Let them Lead
by Joel Williamson
When a teen gets a chance to lead, they have an opportunity to own their faith.
When COVID shut down our in-person youth ministry, I challenged my youth to record a one-minute devotional video, and each day I would send one of them out to the group.
Some were clunky and odd, and some were deep and theological.
I sent every one of them out.
There is something magical that happens when a teen speaks their faith. It is like they are watching themselves say the words, and for the first time, they are like “Oh yeah, I believe that.”
For some of my youth, it was the first time they ever “confessed” out loud some of the things they think about Jesus.
I believe in sharing stories of the Bible and speaking at youth group. Yet, so often, we let that become the focal point of our ministries. We think if we give deep, clever, and prayed over messages it is enough to help our teens know Jesus.
But an adult speaking a message to a teen is only one tool, often an overused one.
Giving teens opportunities to speak, to lead games, to do a reading, to close the night in prayer, to lead a discussion question…anything – those opportunities give them a chance to think about others, and the potential that they have to make a difference in the world.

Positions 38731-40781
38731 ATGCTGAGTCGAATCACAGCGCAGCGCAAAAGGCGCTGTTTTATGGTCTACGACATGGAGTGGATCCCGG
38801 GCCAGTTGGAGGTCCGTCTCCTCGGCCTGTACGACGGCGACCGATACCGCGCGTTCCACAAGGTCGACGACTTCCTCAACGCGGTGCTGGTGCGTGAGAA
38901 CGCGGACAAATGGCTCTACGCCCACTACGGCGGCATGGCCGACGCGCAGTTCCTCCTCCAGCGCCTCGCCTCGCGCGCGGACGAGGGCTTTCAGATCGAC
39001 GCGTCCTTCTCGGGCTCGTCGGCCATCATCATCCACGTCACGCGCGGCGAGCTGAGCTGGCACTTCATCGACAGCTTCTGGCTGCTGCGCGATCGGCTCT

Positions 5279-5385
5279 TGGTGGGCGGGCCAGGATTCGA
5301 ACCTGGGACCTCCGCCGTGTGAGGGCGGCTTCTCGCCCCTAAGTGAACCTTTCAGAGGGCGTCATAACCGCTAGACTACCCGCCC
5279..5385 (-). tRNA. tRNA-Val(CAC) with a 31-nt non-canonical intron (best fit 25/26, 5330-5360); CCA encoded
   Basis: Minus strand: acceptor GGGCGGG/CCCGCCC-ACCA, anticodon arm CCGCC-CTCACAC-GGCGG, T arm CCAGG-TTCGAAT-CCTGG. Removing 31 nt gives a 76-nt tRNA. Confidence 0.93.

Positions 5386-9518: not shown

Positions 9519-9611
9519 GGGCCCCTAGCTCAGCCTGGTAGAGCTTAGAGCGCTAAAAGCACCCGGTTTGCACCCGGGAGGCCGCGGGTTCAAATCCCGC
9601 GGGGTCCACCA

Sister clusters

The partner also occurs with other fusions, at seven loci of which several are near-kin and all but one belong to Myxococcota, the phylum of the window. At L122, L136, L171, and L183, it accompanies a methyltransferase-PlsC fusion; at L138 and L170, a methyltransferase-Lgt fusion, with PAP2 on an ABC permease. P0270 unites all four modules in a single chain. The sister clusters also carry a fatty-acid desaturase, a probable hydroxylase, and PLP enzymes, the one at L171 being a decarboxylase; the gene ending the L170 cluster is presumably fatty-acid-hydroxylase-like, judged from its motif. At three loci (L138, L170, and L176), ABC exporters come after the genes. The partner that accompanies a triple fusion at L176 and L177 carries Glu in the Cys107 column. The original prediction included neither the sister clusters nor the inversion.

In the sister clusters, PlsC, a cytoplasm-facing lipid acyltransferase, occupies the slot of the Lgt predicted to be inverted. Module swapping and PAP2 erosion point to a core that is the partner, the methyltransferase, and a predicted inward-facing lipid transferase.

A boy addicted to drugs came with us on a mission trip to Mexico and become entranced with playing games with the children. He said, “I always make jokes about living in a cardboard box. I’m not going to do that anymore.”
A girl who joined our small group that was dedicated to doing good deeds for the community decided to stop “hanging with the bad crowd.” She said, “I know that I’m a better person when I’m not with those kids.”
A teen who struggled with suicidal thoughts became a mentor of a grade school kid in our program. Speaking of his responsibility and love for the kid, he said, “Now my life has meaning and purpose.”
Giving youth leadership and responsibilities for others can change their life.
So, how do you let your teens lead?
In what ways do you think the church could do better in helping them own their faith?
I would love to know your thoughts, please comment below!
Joel Williamson has been working with young people for two decades leading a non-profit reaching at-risk youth. He loves youth workers and is passionate about equipping them for effective, transformational ministry. Joel currently works as the Chief Strategist and CFO for Youth Core Ministries, serves on his church's youth team, and lives with his wife and daughter in Noblesville, IN.